We are all pedestrians

We are all pedestrians

By Bill Russell

Thank you for the positive response to my article about driving in Quebec – Rules of the road in Quebec. Just after I finished writing it, I read in the Saturday, 19 October 2013, edition of Le Soleil a fine commentary by Martial Van Neste, a Quebec City resident: “Nous sommes tous piétons!” (more about his article below). Yes. We are all pedestrians.

The hierarchy, described in my previous article

“… if you are bigger, you have priority – or more to the point – if you are smaller, you had better give way. So pedestrians must yield to bicycles, then both to cars, then all three to buses, then all the above to trucks and everybody to trains …”

needs to be inverted. We must adopt the principle of giving priority to people on foot. And we must learn from other parts of the world.

Almost everywhere in North America, pedestrians cross with the green light. Many cities do not even bother with the added walk light. All turning cars yield to those on foot. There is often a little added time between green lights to let turning cars clear the intersection.

When pedestrian crossing lights are needed at certain intersections, the exposed walkers should have priority. Allow cars on green to finish their time, but don’t make people wait for a complete cycle of all directions. And if there are no people on foot, there is no reason to keep drivers from going.

Zebra crossings are respected throughout North America and Europe. Sometimes, warning lights or a stoplight is added. Regardless, drivers know to stop when someone is crossing; fines are severe and enforced.

 “Slow down, you move too fast” should be the rule. Cars have become mobile entertainment centres, what with the GPS giving helpful suggestions, one’s favourite music or radio program on the speakers, the temperature set for comfort. Enjoy the cocoon. Sillery has 30 km/h on all residential streets. The rest of Quebec City should adopt the rule. Studies have shown that the difference between 30 and 50 km/h for a pedestrian hit by a car is life and death. This is especially important on streets without sidewalks.

In Barcelona, pedestrians do not cross at large intersections. Their crossing point is a couple of car lengths from the corner. This allows drivers to negotiate the intersection before dealing with walkers.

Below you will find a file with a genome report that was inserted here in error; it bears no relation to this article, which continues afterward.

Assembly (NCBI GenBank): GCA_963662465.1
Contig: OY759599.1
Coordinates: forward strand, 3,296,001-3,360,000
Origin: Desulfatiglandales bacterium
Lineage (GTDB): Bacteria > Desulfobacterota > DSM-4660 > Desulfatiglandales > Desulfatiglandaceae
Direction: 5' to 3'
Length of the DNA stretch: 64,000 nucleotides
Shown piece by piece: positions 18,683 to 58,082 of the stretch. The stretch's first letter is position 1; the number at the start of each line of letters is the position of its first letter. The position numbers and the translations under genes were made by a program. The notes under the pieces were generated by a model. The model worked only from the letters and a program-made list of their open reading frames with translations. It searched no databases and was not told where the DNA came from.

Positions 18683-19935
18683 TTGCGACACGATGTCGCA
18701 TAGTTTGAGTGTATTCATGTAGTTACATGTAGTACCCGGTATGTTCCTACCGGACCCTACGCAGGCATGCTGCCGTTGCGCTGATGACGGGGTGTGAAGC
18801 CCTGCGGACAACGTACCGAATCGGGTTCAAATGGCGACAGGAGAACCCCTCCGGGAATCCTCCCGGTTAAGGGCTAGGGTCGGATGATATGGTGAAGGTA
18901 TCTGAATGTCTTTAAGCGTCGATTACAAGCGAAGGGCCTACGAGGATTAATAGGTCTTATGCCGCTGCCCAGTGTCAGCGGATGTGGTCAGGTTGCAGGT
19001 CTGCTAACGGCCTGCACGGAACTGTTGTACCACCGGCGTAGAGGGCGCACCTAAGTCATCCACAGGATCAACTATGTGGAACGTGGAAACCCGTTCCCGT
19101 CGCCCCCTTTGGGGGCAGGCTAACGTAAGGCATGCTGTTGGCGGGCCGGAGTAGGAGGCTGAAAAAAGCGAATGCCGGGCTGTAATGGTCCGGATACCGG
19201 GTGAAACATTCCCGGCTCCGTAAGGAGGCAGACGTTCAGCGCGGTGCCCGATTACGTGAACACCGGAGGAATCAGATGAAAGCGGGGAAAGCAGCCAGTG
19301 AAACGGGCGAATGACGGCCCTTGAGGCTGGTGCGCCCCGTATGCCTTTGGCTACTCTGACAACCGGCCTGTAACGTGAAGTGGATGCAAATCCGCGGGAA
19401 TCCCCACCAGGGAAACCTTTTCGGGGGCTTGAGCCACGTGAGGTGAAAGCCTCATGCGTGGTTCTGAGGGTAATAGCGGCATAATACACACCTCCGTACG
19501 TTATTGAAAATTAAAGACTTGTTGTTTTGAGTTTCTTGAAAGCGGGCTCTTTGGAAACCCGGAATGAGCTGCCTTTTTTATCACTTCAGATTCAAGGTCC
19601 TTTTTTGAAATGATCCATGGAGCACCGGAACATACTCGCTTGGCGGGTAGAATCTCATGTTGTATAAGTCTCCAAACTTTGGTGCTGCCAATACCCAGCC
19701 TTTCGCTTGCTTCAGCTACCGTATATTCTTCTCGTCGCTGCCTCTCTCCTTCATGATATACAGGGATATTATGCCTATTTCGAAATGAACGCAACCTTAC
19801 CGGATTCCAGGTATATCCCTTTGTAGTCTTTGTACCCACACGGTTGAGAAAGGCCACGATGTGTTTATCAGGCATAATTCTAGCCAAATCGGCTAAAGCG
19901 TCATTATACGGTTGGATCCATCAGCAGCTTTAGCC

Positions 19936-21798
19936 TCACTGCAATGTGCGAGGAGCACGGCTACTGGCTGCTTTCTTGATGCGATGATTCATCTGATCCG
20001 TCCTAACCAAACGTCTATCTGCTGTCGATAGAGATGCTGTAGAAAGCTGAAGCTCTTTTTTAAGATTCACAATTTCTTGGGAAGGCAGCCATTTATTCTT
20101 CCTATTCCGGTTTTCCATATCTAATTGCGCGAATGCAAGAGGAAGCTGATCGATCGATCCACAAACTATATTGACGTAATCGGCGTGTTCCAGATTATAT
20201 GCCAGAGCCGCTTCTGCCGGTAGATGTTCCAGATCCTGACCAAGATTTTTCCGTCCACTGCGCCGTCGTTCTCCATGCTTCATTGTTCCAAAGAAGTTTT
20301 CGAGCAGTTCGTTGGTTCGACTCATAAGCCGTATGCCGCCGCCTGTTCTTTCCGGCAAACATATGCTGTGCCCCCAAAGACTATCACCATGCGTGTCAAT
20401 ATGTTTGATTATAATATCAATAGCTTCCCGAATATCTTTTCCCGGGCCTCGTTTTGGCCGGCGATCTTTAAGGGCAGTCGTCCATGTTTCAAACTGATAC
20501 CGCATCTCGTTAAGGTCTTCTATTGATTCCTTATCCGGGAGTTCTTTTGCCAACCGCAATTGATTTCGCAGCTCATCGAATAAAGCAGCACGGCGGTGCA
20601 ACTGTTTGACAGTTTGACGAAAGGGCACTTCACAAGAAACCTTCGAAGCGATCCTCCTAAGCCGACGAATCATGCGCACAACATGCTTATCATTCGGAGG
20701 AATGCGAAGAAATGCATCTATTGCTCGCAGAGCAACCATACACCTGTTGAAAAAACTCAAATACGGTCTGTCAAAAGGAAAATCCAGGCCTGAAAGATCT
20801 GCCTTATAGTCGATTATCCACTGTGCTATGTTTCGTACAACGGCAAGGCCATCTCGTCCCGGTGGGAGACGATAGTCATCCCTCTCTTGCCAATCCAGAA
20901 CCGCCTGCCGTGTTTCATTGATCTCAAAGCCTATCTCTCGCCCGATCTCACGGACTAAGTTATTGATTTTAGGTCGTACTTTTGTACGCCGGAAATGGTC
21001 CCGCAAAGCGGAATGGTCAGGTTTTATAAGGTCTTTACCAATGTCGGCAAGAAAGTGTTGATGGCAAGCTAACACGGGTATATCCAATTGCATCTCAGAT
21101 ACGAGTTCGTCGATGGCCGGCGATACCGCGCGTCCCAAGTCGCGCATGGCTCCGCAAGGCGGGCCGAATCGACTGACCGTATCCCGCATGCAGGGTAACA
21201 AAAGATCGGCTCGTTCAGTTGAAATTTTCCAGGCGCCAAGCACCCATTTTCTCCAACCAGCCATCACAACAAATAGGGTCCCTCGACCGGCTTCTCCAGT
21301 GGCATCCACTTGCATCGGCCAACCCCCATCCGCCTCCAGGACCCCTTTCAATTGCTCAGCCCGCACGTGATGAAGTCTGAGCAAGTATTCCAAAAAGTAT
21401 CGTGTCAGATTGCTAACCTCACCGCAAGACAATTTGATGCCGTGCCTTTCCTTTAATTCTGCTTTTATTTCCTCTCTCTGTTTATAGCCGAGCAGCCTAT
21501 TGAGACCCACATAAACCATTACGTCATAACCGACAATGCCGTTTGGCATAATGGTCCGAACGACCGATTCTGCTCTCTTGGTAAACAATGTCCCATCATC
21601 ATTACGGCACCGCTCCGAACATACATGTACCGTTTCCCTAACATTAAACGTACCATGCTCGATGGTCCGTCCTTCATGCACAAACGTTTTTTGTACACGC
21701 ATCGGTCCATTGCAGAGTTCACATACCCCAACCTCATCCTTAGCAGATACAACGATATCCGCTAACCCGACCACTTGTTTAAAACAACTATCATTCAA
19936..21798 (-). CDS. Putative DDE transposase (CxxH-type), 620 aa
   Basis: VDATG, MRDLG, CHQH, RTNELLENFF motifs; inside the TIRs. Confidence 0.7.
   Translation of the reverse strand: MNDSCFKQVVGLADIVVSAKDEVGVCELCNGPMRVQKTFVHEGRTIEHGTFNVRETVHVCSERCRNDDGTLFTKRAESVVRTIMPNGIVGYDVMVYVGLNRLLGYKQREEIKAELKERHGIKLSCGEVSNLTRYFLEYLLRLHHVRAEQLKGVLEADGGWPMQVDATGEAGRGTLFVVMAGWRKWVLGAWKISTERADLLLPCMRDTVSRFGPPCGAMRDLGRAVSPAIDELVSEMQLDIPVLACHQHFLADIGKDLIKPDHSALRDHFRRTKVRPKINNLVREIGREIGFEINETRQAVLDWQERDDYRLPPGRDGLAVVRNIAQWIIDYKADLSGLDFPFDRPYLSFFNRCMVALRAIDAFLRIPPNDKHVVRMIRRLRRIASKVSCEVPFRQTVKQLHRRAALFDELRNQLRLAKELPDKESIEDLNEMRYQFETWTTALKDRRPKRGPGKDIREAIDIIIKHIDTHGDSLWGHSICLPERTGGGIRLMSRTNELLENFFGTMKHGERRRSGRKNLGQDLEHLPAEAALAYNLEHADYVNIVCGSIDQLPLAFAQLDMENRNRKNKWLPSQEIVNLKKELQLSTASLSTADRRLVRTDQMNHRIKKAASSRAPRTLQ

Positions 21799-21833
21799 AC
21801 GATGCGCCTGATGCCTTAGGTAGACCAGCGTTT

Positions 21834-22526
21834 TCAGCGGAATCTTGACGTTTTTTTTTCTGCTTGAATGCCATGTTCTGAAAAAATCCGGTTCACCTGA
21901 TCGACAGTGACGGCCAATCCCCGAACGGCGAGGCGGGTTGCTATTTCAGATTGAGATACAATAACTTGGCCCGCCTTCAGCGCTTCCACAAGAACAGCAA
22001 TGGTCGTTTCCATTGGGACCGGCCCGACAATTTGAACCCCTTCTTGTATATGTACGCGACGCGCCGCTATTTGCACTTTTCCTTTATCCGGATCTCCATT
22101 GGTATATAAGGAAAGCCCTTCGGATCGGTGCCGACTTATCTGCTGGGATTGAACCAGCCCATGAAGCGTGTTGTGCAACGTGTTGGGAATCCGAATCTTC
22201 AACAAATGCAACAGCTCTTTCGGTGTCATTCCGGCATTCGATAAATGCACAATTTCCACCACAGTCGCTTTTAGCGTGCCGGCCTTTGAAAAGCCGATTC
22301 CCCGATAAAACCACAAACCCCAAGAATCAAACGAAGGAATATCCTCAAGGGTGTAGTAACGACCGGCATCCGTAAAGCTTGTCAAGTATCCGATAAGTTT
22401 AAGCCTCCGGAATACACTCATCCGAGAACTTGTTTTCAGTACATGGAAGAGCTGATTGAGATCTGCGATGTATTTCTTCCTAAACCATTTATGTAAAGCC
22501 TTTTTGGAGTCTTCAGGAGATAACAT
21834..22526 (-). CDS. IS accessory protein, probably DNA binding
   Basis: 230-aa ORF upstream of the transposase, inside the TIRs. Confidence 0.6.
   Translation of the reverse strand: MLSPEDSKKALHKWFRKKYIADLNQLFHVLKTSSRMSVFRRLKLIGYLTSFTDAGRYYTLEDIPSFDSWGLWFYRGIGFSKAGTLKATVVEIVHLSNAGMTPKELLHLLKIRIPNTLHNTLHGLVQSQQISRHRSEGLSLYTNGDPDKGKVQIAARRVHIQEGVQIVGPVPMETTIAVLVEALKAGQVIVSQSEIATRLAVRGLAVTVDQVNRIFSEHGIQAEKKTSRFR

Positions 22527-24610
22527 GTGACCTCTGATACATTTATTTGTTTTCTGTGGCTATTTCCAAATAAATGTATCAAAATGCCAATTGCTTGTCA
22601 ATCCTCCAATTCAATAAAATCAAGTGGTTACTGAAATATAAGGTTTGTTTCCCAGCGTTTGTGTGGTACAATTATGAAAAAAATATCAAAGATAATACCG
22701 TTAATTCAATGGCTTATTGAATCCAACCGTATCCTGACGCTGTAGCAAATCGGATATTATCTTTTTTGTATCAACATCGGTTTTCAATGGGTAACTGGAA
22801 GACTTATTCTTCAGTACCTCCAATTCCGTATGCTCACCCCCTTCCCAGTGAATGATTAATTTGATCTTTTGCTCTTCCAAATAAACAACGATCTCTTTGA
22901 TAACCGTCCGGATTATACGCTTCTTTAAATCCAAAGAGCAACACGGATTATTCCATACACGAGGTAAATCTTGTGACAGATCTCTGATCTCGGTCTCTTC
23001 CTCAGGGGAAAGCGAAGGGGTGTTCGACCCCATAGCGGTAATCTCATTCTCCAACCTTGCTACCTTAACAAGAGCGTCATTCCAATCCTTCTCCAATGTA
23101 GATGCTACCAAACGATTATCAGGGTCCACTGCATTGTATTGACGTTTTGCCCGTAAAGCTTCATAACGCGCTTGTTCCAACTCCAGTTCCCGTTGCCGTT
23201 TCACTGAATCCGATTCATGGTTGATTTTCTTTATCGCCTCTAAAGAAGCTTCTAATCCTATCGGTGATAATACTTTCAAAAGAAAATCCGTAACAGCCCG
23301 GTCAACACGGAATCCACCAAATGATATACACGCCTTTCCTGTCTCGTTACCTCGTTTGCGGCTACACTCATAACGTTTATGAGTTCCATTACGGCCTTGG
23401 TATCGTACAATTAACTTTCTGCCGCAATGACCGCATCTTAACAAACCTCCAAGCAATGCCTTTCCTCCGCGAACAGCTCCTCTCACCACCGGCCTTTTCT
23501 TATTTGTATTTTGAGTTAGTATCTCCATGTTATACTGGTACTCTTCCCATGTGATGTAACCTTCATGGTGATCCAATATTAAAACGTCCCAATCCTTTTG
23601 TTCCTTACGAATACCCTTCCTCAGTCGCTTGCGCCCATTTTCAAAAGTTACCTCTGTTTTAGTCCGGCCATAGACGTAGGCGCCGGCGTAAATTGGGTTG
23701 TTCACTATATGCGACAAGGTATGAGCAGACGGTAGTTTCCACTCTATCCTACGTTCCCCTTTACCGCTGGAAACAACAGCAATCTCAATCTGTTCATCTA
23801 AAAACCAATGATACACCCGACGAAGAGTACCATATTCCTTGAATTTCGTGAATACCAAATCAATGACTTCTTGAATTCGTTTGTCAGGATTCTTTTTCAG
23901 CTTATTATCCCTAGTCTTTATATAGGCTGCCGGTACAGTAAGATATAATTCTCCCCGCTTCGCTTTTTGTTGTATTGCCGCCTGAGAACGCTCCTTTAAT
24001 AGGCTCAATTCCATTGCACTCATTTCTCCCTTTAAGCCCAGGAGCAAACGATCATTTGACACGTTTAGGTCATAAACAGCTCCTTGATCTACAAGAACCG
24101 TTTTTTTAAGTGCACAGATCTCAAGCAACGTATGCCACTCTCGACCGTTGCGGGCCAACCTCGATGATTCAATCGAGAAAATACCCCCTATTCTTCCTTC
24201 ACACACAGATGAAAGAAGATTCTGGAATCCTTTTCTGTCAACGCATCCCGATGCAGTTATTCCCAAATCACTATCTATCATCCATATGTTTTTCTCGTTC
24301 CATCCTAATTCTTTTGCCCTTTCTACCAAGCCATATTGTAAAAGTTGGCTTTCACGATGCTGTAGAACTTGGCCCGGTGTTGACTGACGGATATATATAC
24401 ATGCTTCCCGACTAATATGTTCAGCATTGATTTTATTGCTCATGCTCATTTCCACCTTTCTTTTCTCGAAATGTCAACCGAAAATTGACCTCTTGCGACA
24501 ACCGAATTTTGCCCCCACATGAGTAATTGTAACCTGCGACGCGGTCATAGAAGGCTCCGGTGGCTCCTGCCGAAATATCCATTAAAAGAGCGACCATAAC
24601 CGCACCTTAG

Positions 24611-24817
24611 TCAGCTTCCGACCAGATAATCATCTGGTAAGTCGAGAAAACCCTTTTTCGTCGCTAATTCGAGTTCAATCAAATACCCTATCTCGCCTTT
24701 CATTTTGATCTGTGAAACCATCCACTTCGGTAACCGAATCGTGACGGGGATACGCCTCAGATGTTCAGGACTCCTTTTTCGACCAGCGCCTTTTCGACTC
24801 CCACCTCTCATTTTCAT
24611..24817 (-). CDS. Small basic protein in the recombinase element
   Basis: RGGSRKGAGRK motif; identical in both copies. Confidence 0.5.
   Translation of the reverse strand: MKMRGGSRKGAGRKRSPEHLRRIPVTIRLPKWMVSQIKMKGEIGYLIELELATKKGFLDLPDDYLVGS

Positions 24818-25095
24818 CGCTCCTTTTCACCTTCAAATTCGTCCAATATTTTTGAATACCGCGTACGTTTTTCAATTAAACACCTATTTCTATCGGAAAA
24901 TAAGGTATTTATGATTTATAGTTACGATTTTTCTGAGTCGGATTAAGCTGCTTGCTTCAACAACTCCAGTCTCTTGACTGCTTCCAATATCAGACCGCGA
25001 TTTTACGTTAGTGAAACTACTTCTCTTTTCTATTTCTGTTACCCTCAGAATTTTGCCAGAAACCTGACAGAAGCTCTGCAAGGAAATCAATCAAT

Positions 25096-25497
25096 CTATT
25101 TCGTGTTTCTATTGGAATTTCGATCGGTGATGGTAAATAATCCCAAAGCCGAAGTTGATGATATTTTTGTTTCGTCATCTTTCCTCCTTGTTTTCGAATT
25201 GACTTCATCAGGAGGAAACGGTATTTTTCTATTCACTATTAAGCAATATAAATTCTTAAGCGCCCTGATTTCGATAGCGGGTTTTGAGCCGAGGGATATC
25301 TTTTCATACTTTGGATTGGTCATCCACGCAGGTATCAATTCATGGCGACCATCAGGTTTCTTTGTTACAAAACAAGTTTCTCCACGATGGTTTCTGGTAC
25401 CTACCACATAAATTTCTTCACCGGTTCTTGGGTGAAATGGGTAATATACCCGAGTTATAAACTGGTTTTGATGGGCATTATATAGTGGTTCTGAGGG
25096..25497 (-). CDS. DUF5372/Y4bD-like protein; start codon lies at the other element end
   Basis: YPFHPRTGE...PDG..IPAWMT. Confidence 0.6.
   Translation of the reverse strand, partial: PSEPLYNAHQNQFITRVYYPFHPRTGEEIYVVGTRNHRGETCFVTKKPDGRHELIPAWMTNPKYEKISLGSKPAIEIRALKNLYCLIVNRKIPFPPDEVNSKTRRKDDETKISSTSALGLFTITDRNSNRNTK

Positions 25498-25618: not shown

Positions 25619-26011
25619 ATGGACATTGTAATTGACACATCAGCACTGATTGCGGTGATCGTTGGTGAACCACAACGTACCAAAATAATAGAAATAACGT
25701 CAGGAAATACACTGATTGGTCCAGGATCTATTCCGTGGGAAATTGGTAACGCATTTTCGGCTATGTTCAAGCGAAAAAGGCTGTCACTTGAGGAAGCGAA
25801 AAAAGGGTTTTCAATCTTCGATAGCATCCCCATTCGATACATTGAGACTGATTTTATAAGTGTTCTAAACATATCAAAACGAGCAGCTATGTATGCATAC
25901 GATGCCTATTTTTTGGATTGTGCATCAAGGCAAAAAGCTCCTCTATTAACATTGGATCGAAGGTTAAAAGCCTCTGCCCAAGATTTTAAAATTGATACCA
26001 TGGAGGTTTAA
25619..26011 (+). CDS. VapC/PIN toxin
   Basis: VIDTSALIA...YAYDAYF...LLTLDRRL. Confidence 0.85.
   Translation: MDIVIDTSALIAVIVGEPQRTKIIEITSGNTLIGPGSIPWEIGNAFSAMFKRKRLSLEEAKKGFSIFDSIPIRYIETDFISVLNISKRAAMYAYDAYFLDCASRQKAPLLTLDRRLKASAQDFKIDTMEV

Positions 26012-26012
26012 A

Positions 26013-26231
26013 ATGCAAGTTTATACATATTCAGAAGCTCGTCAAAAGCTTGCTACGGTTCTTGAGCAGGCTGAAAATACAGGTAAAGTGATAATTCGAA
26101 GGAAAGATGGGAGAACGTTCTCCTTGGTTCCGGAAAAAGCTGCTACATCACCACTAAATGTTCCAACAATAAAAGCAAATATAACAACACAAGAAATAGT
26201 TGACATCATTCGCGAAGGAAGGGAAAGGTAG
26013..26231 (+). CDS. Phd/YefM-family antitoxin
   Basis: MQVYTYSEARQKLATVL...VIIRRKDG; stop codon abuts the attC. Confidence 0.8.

Montpellier, France, has adopted a target for decreasing the number of automobiles in the city. To achieve this, they are making public transit attractive and affordable, while making driving a less attractive option. Buses and trams have screens that indicate the next stop. We could really use that here, particularly in winter when you cannot see out the windows of a crowded bus. Bus and tramway stops have screens that tell you how long the wait will be. At the same time, streets are being narrowed. A space that could hold four automobile lanes plus parallel parking instead holds two car lanes, a tramway and a two-way bike and pedestrian path, but no parking spaces. Many streets are being converted into a network of pedestrian malls. People leave the car at home or in one of the park and ride lots.

Europe has recently adopted the “Zone 30”. An area so designated, usually a residential area or a busy shopping area, has a number of automatic rules:

– yield to the right (no stop signs at every corner, just the “Zone 30” as you enter the area)

– the speed limit is 30 km/h (often enforced with speed bumps)

– bicycles can go in either direction, even if the street is one-way for automobiles

– bikes and cars yield to pedestrians, who can walk in the street if they want to

– cars yield to everyone. If there is an accident involving a car and a cyclist or pedestrian, the driver is always at fault.

If this system were adopted across North America, it could save lives.

In his commentary, Mr Van Neste began his comments by reflecting on his impression of how civilized the cities of Helsinki and Stockholm are. Sure, the cities have quality public transportation and bike lanes, but he was most impressed by the respect that drivers showed for pedestrians. Drivers appeared to have no objection to giving priority to those on foot.

One does not have to go to Scandinavia to find respect for pedestrians. Throughout Canada and the United States, drivers respect pedestrian crossings at corners and crosswalks. Even Quebec snowbirds in Florida observe and obey traffic laws. Why not here?

Mr Van Neste asked, with respect to the recent municipal elections, whether any politicians would stand up for the protection of pedestrians. With all the talk about “valeurs québécoises”, respect for pedestrians is a value that Quebec society needs to import. Our urban design should prioritize the protection of the most vulnerable. However, a better society is built not only through laws and infrastructure, but also by shared values that favour our collective well-being. Changing mentalities takes time and energy, but it can be done.

I fully support Mr Van Neste’s ideas.

Yes. We are all pedestrians.

Categories: News, Opinion

About Author

Bill Russell

Bill Russell resided in Quebec City from 1997 to 2014, but has returned to Toronto, Ontario. A professional folksinger since 1970, he mostly performs in Ontario schools with Mariposa In The Schools. He also calls square dances and teaches figures done with a loop of string. Bill plans on keeping touch with his friends in Quebec City. His primary Quebec City interests are in the Quebec Art Company, the Centre de valorisation du patrimoine vivant, and the Auberge du Mont’s Road Scholars programs.

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